Marmot review inequalities data published

The Marmot review team has published new data by the London Health Observatory on health inequalities in children.

The indicators looked at are:

  • Life expectancy at birth
  • Children reaching a good level of development at age five
  • Young people not in employment, education or training; and
  • The percentage of people receiving means-tested benefits

There are a number of findings including the following:

  • Just under half (44%) of all five year olds in England are not considered by their teachers to have a good level of development in the first year of school – this assessment is based on national criteria of behaviour and understanding.
  • The percentage who do not have a good level of development rises to 58% in the London Borough of Haringey, followed by 55% in Brent, Newham and the County of Herefordshire.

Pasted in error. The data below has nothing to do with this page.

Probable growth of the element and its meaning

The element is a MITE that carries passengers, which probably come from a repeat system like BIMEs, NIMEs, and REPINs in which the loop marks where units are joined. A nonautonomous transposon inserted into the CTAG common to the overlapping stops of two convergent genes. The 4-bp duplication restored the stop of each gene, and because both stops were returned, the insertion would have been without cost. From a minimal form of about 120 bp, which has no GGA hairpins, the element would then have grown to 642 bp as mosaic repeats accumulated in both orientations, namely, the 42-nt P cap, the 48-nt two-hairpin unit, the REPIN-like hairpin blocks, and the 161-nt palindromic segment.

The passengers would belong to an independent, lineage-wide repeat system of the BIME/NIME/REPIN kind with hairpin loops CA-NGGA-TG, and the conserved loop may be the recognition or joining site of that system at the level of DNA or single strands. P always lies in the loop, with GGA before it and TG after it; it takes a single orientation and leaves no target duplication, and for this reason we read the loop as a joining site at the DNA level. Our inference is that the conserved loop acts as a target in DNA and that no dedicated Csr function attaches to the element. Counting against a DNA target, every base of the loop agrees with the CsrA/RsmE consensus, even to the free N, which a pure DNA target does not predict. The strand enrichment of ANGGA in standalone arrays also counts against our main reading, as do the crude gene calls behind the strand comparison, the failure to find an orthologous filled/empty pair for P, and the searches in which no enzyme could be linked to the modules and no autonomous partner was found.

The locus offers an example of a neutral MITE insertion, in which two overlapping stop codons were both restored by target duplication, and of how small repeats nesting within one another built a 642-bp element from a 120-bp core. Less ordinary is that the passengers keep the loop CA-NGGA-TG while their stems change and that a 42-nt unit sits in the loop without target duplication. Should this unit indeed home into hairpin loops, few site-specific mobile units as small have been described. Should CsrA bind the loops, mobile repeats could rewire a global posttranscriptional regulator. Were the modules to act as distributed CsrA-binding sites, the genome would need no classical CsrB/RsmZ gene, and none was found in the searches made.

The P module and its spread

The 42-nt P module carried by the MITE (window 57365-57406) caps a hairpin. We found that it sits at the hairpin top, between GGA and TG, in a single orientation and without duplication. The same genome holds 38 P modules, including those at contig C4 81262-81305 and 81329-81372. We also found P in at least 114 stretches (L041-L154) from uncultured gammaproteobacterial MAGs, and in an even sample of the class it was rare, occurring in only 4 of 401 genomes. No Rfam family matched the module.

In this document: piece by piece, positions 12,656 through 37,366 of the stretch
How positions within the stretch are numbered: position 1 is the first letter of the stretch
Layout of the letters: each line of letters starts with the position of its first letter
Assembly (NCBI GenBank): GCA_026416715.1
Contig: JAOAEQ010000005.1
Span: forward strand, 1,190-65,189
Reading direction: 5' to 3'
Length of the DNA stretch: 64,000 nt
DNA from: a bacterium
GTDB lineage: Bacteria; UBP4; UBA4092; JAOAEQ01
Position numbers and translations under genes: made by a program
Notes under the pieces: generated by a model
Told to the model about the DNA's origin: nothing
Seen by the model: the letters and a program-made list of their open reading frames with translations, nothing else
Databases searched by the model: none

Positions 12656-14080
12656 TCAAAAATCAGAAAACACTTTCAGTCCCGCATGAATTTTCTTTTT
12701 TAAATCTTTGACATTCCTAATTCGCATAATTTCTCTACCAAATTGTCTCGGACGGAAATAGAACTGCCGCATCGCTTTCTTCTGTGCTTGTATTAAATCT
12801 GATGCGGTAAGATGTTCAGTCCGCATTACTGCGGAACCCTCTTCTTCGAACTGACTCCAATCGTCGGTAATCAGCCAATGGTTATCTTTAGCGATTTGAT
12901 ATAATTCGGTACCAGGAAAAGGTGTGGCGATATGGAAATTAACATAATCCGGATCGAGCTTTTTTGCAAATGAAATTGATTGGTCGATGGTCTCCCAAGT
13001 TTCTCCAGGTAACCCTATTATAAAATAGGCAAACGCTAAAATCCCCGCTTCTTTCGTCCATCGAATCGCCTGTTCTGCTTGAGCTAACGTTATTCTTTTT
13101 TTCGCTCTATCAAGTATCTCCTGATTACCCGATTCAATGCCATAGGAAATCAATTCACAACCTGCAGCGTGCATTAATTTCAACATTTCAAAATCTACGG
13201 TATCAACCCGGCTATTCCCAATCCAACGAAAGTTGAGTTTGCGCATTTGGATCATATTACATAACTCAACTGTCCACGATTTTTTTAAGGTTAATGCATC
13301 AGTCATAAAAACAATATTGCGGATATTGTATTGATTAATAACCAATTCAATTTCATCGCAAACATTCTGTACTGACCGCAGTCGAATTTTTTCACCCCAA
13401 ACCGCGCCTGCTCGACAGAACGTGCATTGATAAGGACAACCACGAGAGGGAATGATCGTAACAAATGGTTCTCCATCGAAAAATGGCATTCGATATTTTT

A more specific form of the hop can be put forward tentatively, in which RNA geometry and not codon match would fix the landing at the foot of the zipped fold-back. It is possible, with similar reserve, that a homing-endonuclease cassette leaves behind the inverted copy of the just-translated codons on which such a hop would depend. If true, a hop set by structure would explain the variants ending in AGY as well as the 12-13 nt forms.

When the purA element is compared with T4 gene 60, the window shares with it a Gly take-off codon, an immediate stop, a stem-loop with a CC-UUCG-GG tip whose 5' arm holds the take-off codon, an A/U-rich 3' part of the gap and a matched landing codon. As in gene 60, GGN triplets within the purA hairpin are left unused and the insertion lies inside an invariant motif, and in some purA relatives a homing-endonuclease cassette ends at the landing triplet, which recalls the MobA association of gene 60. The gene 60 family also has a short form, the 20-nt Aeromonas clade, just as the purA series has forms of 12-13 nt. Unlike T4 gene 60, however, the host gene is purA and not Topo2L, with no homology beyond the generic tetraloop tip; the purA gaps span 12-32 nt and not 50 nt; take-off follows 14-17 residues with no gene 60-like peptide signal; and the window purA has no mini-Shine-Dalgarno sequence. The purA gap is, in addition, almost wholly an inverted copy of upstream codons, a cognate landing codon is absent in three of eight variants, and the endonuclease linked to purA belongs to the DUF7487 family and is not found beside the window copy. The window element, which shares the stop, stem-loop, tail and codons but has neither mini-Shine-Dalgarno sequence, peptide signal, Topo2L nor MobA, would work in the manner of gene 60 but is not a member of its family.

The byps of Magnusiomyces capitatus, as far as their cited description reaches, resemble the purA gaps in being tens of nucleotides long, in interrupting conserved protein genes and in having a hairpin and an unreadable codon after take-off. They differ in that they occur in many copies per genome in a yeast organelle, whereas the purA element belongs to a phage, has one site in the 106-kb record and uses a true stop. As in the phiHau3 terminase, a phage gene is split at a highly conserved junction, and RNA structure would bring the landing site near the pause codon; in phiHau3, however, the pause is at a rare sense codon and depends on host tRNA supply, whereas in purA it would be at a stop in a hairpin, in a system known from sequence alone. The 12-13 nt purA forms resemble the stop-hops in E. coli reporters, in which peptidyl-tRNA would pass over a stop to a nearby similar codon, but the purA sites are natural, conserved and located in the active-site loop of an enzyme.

• The local authorities with the largest percentage of children (69%) achieving a good level of development at age five are Solihull in the West Midlands and Richmond upon Thames.

The Marmot Review report ‘Fair Society, Healthy Lives’ was published in 2010 and stressed the need for health inequalities to be tackled through partnership working across local and central government and the voluntary and private sector.

Health inequalities are significant issues for those working in child accident prevention as we children from the most disadvantaged families are 13 times more likely to die from accidental injury overall and 38 times more likely to die in house fires.

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Updated March 2012